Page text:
A Simple Technique for Coating Carbon Atomic Absorption Atomizer Components with Pyrolytic Carbon

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Recent literature is replete with evidence that carbon nonflame atomizers used for atomic absorption or atomic fluorescence analysis are improved by the use of pyrolytically coated graphite or vitreous carbon in lieu of the more common (and cheaper) forms of carbon. The reasons lie in the permeability of the usual spectroscopic graphites to gases and solutions. This permeability allows actual loss of sample atoms through the walls of the atomization chamber and shortens the effective residence time of atoms within the optical path. Analyte material from solutions partially absorbed into the graphite substrate before drying enters the optical path more slowly upon application of the atomization current than will material on the surface. This causes a broadening and lowering of the peak absorption signal.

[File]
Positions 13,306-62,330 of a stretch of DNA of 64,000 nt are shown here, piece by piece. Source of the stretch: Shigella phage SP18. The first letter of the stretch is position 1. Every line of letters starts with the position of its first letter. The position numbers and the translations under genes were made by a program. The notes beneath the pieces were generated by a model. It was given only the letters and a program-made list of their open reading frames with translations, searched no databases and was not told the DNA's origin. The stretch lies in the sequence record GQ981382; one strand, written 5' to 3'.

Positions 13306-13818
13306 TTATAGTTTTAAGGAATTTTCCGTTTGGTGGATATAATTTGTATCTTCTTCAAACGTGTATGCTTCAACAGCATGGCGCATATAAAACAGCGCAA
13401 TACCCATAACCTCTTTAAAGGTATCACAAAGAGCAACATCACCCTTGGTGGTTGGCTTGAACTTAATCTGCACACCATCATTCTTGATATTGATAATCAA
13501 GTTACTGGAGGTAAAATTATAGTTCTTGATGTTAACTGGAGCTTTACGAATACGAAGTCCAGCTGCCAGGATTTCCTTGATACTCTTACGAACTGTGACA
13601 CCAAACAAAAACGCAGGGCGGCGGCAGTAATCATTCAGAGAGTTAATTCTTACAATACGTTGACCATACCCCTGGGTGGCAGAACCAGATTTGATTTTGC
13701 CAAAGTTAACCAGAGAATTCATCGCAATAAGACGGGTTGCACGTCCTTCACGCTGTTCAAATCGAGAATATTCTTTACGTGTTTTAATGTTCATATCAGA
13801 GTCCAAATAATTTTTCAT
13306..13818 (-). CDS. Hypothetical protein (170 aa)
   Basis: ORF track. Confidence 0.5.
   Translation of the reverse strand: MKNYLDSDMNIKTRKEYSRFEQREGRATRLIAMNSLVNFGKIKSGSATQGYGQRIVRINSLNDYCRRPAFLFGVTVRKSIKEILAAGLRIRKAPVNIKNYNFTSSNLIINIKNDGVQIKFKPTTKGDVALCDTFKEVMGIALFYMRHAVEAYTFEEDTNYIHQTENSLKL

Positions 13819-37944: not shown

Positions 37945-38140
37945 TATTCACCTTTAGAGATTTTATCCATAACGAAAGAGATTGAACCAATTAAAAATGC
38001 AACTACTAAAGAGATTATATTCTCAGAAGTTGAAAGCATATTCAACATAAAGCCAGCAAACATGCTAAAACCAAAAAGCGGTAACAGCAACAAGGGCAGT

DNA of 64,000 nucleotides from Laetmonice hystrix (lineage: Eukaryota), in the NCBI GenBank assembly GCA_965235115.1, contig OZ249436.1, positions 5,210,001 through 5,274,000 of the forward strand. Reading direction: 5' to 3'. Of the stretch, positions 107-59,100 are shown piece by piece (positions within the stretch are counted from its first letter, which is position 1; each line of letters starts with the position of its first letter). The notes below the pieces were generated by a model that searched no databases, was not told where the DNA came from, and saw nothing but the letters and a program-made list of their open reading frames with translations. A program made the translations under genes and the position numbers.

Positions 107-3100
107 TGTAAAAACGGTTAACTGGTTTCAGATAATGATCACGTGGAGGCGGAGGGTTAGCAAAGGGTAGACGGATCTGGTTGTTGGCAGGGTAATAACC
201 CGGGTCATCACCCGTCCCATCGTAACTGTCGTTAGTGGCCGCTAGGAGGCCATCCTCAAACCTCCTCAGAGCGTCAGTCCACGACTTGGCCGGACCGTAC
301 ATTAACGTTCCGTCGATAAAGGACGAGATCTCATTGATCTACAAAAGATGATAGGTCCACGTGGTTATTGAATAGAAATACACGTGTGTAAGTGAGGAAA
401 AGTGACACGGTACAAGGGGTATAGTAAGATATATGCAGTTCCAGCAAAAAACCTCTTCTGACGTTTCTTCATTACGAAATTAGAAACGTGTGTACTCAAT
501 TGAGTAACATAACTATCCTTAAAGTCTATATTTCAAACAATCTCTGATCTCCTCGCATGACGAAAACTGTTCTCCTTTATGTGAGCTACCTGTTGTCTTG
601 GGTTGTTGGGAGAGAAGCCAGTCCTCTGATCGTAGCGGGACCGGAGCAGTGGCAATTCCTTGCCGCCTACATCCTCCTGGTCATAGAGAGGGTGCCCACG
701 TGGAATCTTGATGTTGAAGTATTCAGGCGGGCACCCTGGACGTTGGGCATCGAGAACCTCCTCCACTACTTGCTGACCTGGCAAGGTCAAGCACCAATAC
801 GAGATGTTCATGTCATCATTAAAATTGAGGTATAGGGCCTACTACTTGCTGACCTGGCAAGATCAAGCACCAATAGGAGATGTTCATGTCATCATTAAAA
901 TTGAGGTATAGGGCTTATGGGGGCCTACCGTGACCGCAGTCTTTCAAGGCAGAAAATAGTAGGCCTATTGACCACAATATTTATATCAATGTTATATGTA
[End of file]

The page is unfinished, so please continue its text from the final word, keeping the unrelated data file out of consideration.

Keywords: Nonflame atomizers; Pyrolytic carbon; Techniques, atomic absorption

Document Type: Short Communication

DOI: http://dx.doi.org/10.1366/000370274774331895

Affiliations: Chemistry Department, Montana State University, Bozeman, Montana 59715

Publication date: November 1, 1974

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